AMCA is the ARF’s new partner, and it plays a pivotal role as the project implementer. To start, AMCA is artist-run which makes the organisation and its activities particularly well-informed and sensitive to the needs of the stakeholders- artists. These artists are from across the country and from a diversity of disciplines. The third cycle of grants was administered by AMCA in March of this year. There was a clear distinction from when the open call was made between those who would be awarded grants for resilience, and those who needed emergency financial relief.
A third category was conceived by AMCA upon reviewing submissions, that presented a new modality for future grantmaking. Four emerging artists caught ISM’s eye with the undeniably social aspect to their arts proposal. They were then chosen to pilot this interdisciplinary programme,the Local Residency Grant, in Pindaya, Southern Shan state. That's where four grant awardees in groups of two became proximate neighbours over a span of 6 weeks as artists-in-residency. The artists, who are aged 18 to 35, come from varying backgrounds, disciplines and approaches to artmaking but they have at least one thing in common: the desire to involve the community.
A great turnout of local community members enjoy the workshops facilitated by the grantee artists-in-residence
The support and engagement of the community of Pindaya and the participation of local cultural practitioners was an imperative part of the residency. The artist groups facilitated exploration of the neighbourhoods after being provided exclusive access to elements such as spaces, events and the local people who make them unique. Planned activities and outcomes included:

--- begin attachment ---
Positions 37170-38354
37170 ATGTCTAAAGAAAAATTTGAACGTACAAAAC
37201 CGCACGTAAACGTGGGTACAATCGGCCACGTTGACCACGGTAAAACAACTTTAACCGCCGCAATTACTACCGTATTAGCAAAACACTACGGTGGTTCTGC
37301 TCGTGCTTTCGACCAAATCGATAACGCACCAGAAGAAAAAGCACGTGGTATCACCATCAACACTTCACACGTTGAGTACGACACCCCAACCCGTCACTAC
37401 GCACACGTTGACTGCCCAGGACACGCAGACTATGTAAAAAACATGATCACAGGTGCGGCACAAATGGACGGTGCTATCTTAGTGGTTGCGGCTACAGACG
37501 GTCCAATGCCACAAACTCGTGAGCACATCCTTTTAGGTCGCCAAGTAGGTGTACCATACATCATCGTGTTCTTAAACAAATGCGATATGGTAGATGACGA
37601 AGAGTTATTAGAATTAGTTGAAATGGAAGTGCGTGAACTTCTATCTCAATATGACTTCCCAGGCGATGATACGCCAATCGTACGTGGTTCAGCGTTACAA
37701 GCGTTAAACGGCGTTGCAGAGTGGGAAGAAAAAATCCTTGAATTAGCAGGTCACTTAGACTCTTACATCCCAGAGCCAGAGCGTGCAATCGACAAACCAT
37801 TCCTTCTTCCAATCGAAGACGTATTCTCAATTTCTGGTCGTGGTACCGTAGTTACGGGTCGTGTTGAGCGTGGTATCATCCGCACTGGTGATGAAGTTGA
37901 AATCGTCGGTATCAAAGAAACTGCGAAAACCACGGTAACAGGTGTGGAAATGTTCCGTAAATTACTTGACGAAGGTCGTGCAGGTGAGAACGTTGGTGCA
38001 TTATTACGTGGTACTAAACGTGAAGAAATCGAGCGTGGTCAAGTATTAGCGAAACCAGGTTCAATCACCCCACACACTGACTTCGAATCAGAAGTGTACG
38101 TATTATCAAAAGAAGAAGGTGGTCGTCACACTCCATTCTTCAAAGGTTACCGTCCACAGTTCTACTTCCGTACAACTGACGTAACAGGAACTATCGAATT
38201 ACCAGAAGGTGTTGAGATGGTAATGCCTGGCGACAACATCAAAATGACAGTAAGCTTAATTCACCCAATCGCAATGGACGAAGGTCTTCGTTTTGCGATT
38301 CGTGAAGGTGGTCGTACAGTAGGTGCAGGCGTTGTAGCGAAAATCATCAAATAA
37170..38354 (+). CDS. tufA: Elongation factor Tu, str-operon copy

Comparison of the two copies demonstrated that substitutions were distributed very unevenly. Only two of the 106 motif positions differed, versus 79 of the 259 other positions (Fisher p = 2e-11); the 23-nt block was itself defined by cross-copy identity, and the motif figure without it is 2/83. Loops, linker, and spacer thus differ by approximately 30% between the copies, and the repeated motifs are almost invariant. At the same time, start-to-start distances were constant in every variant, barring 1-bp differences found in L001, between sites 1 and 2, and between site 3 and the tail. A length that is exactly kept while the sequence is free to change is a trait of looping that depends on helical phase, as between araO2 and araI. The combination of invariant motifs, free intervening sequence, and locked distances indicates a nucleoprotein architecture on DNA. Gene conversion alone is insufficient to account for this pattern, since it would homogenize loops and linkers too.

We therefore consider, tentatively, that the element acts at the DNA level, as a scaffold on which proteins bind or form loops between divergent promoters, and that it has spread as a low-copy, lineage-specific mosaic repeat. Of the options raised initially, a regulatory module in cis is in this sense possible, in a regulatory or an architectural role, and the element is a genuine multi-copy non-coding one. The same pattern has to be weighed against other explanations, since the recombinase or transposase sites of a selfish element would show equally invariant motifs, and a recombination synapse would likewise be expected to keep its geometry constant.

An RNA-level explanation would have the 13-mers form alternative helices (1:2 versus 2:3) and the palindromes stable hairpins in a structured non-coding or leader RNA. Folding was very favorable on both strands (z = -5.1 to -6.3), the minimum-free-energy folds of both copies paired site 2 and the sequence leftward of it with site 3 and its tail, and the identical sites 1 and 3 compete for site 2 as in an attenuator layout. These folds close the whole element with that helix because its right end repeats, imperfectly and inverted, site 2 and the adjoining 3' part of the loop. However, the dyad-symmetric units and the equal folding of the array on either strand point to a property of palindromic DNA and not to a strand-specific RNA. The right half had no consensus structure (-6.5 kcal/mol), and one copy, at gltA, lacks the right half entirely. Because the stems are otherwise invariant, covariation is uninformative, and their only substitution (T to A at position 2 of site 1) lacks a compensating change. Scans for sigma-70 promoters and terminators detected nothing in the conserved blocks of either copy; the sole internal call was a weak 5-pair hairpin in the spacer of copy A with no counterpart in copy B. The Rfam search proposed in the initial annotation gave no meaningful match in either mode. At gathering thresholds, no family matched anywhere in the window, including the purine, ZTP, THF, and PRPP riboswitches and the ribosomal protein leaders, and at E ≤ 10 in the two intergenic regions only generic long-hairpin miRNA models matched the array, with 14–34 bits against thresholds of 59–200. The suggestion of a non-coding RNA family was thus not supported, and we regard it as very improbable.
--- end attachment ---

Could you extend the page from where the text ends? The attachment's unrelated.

An exchange and collaboration with local artists and the community
Educating children and youngsters using a specially- conceived short curriculum about gender diversity.
An exploration of local issues, geography, and cultural diversity through the lens of public art
The simultaneous promotion of small and local, heritage, bio-business
A total of 100 community members of which half were children, participated in the activities created and implemented by the artists-in-residence. Of those activities, some were multi-day workshops. During these workshops, the participants were guided in the important practice of self-expression as well as how to interpret meaning using symbols, colours and context as cues.
Shan paper in the making by the residents and local paper craftspeople; final artworks made from Shan paper
Art residencies don't usually just finish without some sort of commemoration of the experience. To conclude the time spent intensively learning, exploring and creating, a final product is presented. The Pindaya community was a great collaborator, lending support through its members along with their local skills. The same community was also a welcoming and receptive audience at the end of the residency
The ten Myanmar dynasties on shan paper
Yoe Yar, which translates to tradition or custom, was the name of one of the groups and for their artistic work, they researched traditional paintings from the ten dynasties and reinterpreted them as contemporary art on Shan paper- a local, artisanal paper made from the pulp of the pith of mulberry branches, used across the country as an arts and crafts resource.
The other group, The Dive, used the same Shan paper as material to make lanterns that could be hung and displayed long after the residency was over, as if to bear a burning torch for an asserted identity as unique individuals worthy of respect and acceptance like any other.
Shan paper lanterns made by hand and hung to display